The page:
A view of Washington’s National Mall from the U.S. Marine Corps War Memorial in Arlington on Dec. 29. (Brendan Smialowski/AFP/Getty Images)

Stung by a year of voter frustration over county spending decisions, the incoming head of the Arlington County Board announced a new effort Thursday to seek community input on whether and where schools, fire stations and other civic infrastructure should be built as well as on how to retain parks and open space.

Mary H. Hynes (D) said she will appoint 20 residents to study and advise elected officials. She promised broad outreach countywide to “deeply engage as many people as are willing to be engaged with us.”

“I think our community is saying very clearly to us, ‘Figure this out together, these are generational investments — new buildings last 50 years, and where they go has impact,’ ” Hynes said in an interview before the board’s New Year’s Day meeting.

School Board members, who are also part of the outreach initiative, joined County Board members at the meeting.

The effort is an attempt to restore the “Arlington Way” of seeking consensus before major public projects are started, Hynes said. It is also aimed at addressing voter dissatisfaction that became apparent with last year’s election of board member John Vihstadt (I), a critic of how the board conducted business and the first non-Democrat to join the panel in 15 years.

Vihstadt’s victory in a special election last spring, and his reelection in November, was attributed in large part to community opposition to the Columbia Pike streetcar project, which Vihstadt made a central part of his campaign.

Hynes and then-Chairman Jay Fisette (D) abruptly canceled the streetcar project two weeks after the election. They said a once-strong community consensus had broken down, preventing the board from addressing other issues.

There had been other signs that Arlingtonians were growing skeptical of major public spending on capital projects. The county already had pulled back on two of the biggest examples of such projects — a million-dollar bus stop and the Long Bridge Park aquatics center — after public criticism.

Residents in 2014 also debated how to handle Arlington’s booming public school enrollment, whether a fire station should be built in North Arlington and if demands to use public land for affordable housing should preempt much-valued green space and parks. Residents said they didn’t know what standards county government staff was using to make recommendations to the board on those issues or how board decisions were made.

“We skipped an important conversation,” said Hynes,who described 2014 as the roughest of her 20 years in elected office. “This is an opportunity to step back and, with the help of a lot of people, decide where we go from here.”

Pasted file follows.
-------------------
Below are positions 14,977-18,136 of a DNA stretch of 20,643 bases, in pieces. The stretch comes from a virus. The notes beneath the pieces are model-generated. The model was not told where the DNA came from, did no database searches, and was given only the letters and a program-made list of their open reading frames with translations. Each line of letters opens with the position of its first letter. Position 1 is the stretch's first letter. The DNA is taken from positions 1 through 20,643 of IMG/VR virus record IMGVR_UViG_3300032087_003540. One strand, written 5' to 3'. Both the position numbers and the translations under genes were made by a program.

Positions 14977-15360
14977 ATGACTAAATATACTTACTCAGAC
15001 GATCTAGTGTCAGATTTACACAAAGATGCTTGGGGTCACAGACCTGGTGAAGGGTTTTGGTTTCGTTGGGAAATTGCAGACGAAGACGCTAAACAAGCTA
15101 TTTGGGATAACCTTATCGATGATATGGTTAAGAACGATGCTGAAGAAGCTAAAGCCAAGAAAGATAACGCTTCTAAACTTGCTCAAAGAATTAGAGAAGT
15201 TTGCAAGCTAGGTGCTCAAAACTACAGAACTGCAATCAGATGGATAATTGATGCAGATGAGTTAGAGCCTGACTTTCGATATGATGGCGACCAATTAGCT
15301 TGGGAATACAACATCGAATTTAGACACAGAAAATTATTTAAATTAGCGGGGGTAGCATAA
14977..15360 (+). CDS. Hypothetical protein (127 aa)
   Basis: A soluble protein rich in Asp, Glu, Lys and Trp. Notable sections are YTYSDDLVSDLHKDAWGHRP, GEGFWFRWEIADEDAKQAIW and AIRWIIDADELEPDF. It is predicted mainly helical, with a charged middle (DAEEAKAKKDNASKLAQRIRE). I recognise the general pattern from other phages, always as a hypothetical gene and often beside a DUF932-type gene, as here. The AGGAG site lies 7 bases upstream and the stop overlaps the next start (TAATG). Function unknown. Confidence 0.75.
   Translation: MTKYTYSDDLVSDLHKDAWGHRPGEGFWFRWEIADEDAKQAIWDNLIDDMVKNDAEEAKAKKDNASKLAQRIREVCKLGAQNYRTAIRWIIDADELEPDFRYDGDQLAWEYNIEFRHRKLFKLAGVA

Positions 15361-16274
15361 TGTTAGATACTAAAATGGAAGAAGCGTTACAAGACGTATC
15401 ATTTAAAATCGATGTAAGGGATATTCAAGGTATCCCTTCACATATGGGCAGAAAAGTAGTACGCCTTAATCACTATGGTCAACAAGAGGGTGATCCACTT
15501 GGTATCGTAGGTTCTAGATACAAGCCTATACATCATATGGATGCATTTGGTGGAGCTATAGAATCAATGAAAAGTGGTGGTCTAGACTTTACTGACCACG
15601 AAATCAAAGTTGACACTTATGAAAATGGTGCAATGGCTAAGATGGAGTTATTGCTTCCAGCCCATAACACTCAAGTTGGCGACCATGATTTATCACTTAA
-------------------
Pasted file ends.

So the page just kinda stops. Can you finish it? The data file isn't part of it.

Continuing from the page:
She described the effort to generate community discussion as a “new chapter” in Arlington’s planning history.

In her address, she said that “2015 will be a year of change, as we deal with our growing population; a year of challenges as we continue to reinvigorate our economy; and a year of limits as we come to grips with the realities of our physical space.”

Forty years ago, the county agreed to focus density along its Metro corridors, preserving the single-family neighborhoods located beyond those corridors. That focus on transit-oriented development brought in thousands of residents and led to many millions in new tax revenue.

But federal budget cuts, a 20 percent office vacancy rate, soaring housing costs and more students needing more classrooms mean it’s time for the county to strategize about its next 40 years, Hynes said.

Board members typically press their own initiatives at the New Year’s Day meeting, and Thursday’s session was no exception.

Vice Chairman J. Walter Tejada (D) pledged to “redouble my unwavering commitment to supporting affordable housing and maintaining Arlington’s diversity.” Fisette said he would continue to push for environmentally responsible policies and called upon his colleagues to “model the respectfulness in light of our differences of opinion that we are asking of others.”

Vihstadt and Libby Garvey (D), the two members who have been most critical of board priorities and decisions, continued to suggest new ways of doing business.

Vihstadt urged changes including establishing a whistle-blower protection code; an independent internal auditor, and votes on all county contracts worth $1 million or more.

Garvey called for the board to reconsider its New Year’s Day meeting tradition, saying county employees who work to facilitate the session should have the day off.

Board members also promised to work on improving transit and development in the Columbia Pike area in the wake of the streetcar cancellation.

The four-year terms of Hynes and Tejada expire at the end of 2015. Tejada says he will run for reelection. But Hynes, who was on the School Board for 12 years before being elected to the County Board in 2007, said she would not decide whether to run again until February.

“Twenty years is a long time,” she said. “On the other hand, I have a tremendous amount of experience, some people trust me and I’m excited about what I’m launching. . . . But sometimes people stay too long. I’m still mulling.”